Moultrie Observer

Opinion

December 8, 2012

No end to 'reality' absurdities

MOULTRIE — I had taken some medicine for a sinus infection, and I was a bit groggy. I was  flipping through channels seeking some form of entertainment. And because I was slightly medicated, I thought for a moment I was hallucinating. But that wasn’t the case. Nosiree.

You see I thought maybe cable TV had run the gamut on reality shows. I didn’t know that the underbelly of our society had as many chapters as it does, but apparently there is no end to such absurdity. So coming soon, we will have on cable TV, “The Amish Mafia.”

Now lately I’ve read about some of the young people in some of these extreme fundamentalist groups breaking away from their traditions. But an Amish Mafia? I can’t even picture Amish mud wrestling or Amish bingo, much less a group of men in black overalls carrying sawed-off shotguns.

I can just see it now: “My brother, I would not hurt thee for the world, but thou standest where I’m aboust to shoot!”

And what could be their issues that would require some form of enforcer group? Did brother Eli hold out on the sweet potato count?  Maybe one of the elders has secretly invested in diesel futures? Or maybe an elder’s son slips out at night and plays guitar with a rock band. And they catch Brother Shem, cutting loose on a little “Get Down Moses!”

I’m sure this series will have to be as hokey as bobbing for pickled pigs feet. But I’ll have to watch just one episode to see how widespread is this “Amish Mafia” thing.

There’s another reality show  about moonshiners so I was just wondering if the Amish had learned about corn squeezings and are just protecting their turf. But as hokey goes, you can’t get much worse than the moonshiners. In one scene there’s a deputy sheriff trying to find where they’re making their hooch. In another scene the moonshiners are digging a pit to hide their wares. And guess what, there’s a camera crew at both places.

Now I’m sure there’s some poetic license in all of this ... a whole lot of staged drama. For instance, on the animal channel the Dade County, Fla., rescue squad is summoned, along with a camera crew, to a neighborhood where a 10-foot snake was reported to be on the loose.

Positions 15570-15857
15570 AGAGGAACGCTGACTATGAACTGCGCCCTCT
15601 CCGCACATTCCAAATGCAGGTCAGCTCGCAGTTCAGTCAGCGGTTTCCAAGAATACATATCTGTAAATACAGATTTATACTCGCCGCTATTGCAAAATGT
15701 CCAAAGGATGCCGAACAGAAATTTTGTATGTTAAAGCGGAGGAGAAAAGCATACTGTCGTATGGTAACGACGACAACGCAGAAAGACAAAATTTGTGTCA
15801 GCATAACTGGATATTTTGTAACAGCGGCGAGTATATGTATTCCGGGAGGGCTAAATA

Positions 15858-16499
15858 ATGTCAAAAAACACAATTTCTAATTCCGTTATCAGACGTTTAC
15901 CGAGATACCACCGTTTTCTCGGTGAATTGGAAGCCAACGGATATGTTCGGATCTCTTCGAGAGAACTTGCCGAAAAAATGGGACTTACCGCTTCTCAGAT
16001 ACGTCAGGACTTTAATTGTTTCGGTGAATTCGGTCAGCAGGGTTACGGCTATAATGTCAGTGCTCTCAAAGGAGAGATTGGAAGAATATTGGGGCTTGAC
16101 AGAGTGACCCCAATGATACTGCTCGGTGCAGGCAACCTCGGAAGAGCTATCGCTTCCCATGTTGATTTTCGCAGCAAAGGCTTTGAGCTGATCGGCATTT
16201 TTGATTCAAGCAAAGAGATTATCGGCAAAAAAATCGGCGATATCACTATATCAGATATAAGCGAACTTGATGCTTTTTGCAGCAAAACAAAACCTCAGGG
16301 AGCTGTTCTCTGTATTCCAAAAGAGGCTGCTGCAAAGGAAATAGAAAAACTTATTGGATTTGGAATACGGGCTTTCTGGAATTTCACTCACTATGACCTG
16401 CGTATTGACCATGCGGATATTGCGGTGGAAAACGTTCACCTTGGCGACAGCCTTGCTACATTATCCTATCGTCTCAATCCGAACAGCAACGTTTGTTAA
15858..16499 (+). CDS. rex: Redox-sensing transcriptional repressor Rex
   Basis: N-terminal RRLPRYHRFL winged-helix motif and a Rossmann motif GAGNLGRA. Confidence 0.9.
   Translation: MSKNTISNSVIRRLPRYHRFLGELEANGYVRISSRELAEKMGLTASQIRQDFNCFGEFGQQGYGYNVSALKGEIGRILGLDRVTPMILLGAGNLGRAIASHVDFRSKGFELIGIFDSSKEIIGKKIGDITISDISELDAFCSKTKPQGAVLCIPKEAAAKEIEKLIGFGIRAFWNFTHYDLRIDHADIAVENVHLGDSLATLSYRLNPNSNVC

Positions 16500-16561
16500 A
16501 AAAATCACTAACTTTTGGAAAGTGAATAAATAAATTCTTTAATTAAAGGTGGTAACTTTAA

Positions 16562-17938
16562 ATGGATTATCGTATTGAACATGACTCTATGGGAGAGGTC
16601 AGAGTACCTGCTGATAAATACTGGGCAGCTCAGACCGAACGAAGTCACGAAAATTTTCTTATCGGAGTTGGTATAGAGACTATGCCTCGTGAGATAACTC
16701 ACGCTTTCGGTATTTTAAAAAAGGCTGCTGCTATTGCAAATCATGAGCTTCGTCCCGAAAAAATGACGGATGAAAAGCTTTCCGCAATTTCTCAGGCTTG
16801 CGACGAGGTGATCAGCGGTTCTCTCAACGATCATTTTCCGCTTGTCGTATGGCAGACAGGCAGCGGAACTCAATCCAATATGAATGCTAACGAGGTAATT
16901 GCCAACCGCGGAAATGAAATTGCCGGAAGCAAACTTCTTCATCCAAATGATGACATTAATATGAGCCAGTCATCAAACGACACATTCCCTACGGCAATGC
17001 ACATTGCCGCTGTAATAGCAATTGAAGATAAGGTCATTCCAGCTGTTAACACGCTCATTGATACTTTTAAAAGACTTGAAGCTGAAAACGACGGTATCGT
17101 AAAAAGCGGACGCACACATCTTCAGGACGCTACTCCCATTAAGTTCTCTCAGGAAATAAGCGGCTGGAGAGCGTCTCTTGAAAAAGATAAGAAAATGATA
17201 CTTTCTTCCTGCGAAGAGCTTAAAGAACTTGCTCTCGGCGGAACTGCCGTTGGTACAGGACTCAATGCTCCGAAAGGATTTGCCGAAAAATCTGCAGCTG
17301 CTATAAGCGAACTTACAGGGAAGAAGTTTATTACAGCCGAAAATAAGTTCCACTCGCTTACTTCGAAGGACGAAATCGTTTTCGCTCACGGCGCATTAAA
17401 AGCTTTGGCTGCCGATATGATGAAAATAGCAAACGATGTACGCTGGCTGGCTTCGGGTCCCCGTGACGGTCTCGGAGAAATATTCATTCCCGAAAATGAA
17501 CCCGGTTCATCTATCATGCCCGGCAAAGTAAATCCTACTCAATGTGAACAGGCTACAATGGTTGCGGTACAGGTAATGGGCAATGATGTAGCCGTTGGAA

Well, when they get there, the boa constrictor was only five feet in length. And it was already in a big plastic trash can. So the rescuers dump it out on the lawn and pretend to have some difficulty in securing it. Don’t forget now ... it already was confined to a trash can when they got there. I was not a Phi Beta Kappa but I would have suggested to my associates in that instance that we borrow the trash can and just bring it back once we had secured the snake.

But, that would not have added any drama to the episode. It would be like watching “Axe Men” and a log chain not breaking or some guy not cutting his leg with a chainsaw. We must have pathos and intrigue. Obviously, OSHA has never watched “Axe Men.”

Again, I’m just having trouble wrapping my mind around the very concept of  “Amish Mafia.” What I mean is, these are people who would not serve in the U.S. military because they are so gentle in their religion.

A promo for this series says, “This is a side of Amish society that exists under the radar, and the Amish church denies the group's existence. It’s a rare look at Lebanon Levi and his team members who work together to maintain harmony. To protect participants and their family members, some identifying information and property has been changed. Some scenes have been reenacted.” Ya think!

I’m just guessing here, but I suppose Lebanon Levi is the Vito Corleone of the hayseed enforcers. But as ridiculous as it seems, this attitude kind of fits right in with some of what I read in the Old Testament.

(Email: dwain.walden@gaflnews.com)

 

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